Archive: Issue No. 53, January 2002

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REVIEWS / CAPE

Véronique Malherbe

Véronique Malherbe & Stan Engelbrecht
Digital image

Véronique Malherbe

Véronique Malherbe & Peter Badenhorst
The Free Radicals: Civil War Zone
Digital image

Véronique Malherbe

Véronique Malherbe
Veronique Malherbe & Oliver Polter
Diep Kant 1: Yoyo
Digital image

Véronique Malherbe

Véronique Malherbe
Veronique Malherbe & Oliver Polter
Diep Kant 2: Starfish
Digital image



Véronique Malherbe at Bell-Roberts Art Gallery
by Hazel Friedman

There's this really provocative photograph of artist Véronique Malherbe that forms part of her 'Love and Desecration' show. Shot by Michael Shevel, it depicts her clad in a little black number beneath a stop sign with her regal profile immortalised at its most flattering angle. She's part dethroned Cleopatra, part sullied goddess, a dirty Audrey Hepburn. And in vintage-vamp Véronique style, the work is called Joan of Art.

You gotta love it! In fact you gotta love many of the unashamedly narcissistic, hedonistic, decadent, sex, drugs 'n trance images that make up her latest body of work. They strike one as footage from some retro, new-age pantomime, kinda like Woodstock meets Vortex - significantly, titles include Snortex and Trancefusion. Along with other image titles - Speed Queen and Punk Braai, Rasta Barbie and Regular Day Job - these are also the names of some of the bands conceived and created by Malherbe for her various projects.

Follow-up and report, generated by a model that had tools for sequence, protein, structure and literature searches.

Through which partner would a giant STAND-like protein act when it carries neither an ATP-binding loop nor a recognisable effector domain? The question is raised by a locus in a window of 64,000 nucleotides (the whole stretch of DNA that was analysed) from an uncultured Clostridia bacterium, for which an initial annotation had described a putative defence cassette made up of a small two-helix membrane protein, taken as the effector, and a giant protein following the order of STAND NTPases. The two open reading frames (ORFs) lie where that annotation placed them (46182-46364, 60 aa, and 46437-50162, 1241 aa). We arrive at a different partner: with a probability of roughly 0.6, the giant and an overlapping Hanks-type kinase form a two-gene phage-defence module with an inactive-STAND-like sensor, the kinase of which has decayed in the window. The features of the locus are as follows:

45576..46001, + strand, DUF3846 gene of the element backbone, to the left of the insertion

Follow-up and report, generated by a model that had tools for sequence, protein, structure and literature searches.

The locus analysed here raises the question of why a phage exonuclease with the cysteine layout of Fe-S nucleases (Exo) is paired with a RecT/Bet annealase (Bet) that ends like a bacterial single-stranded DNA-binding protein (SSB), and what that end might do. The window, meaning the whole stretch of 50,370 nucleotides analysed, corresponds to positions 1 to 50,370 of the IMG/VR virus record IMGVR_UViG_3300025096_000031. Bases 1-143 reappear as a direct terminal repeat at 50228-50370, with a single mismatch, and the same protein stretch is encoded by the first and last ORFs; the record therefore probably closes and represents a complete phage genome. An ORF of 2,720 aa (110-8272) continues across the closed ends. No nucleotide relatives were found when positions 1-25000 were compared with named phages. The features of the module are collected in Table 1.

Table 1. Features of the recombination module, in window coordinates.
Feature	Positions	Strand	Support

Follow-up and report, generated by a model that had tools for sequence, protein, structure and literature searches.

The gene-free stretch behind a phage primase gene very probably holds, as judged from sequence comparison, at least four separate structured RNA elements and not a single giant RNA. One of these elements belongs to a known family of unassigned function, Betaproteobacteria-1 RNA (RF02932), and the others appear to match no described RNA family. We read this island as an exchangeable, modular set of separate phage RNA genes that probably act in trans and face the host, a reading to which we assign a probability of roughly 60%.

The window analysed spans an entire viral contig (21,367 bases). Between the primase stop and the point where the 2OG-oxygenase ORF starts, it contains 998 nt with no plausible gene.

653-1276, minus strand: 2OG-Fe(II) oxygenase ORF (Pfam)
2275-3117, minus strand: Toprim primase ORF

Over the past 18 months, Malherbe and Anarchic Harmony - her "global creative collective" consisting of musos, poets, photographers, designers, collectors and performers - have collaborated on a series of multi-sensory projects. The fruits of these can be seen in the form of massive, digitally enhanced images - printed free of charge by Russel Jones at the Scan Shop.

Every Sunday Malherbe would invite a group of people - strangers to one another - to spend a day eating together, rapping and shooting the scenes. Her pantheon of creatives includes Ronnie Levitan, Adam Weltz, Justin Anschutz and Stan Engelbrecht, to mention a few. Locations included Malherbe's "world of inferiors" - her own home until, she says, it was unceremoniously trashed - the Long Street baths, kitchens, stairwells, bathrooms - and other places conducive to hanging out and/or getting high. There, they'd all act like rock stars and dress up in gaudy costumes and outlandish wigs, pretending to be forest fairies or punk rockers. And they'd send up advertising slogans, consumer brands, suburban myths and sexual taboos while making direct references to smack, crack, weed 'n speed.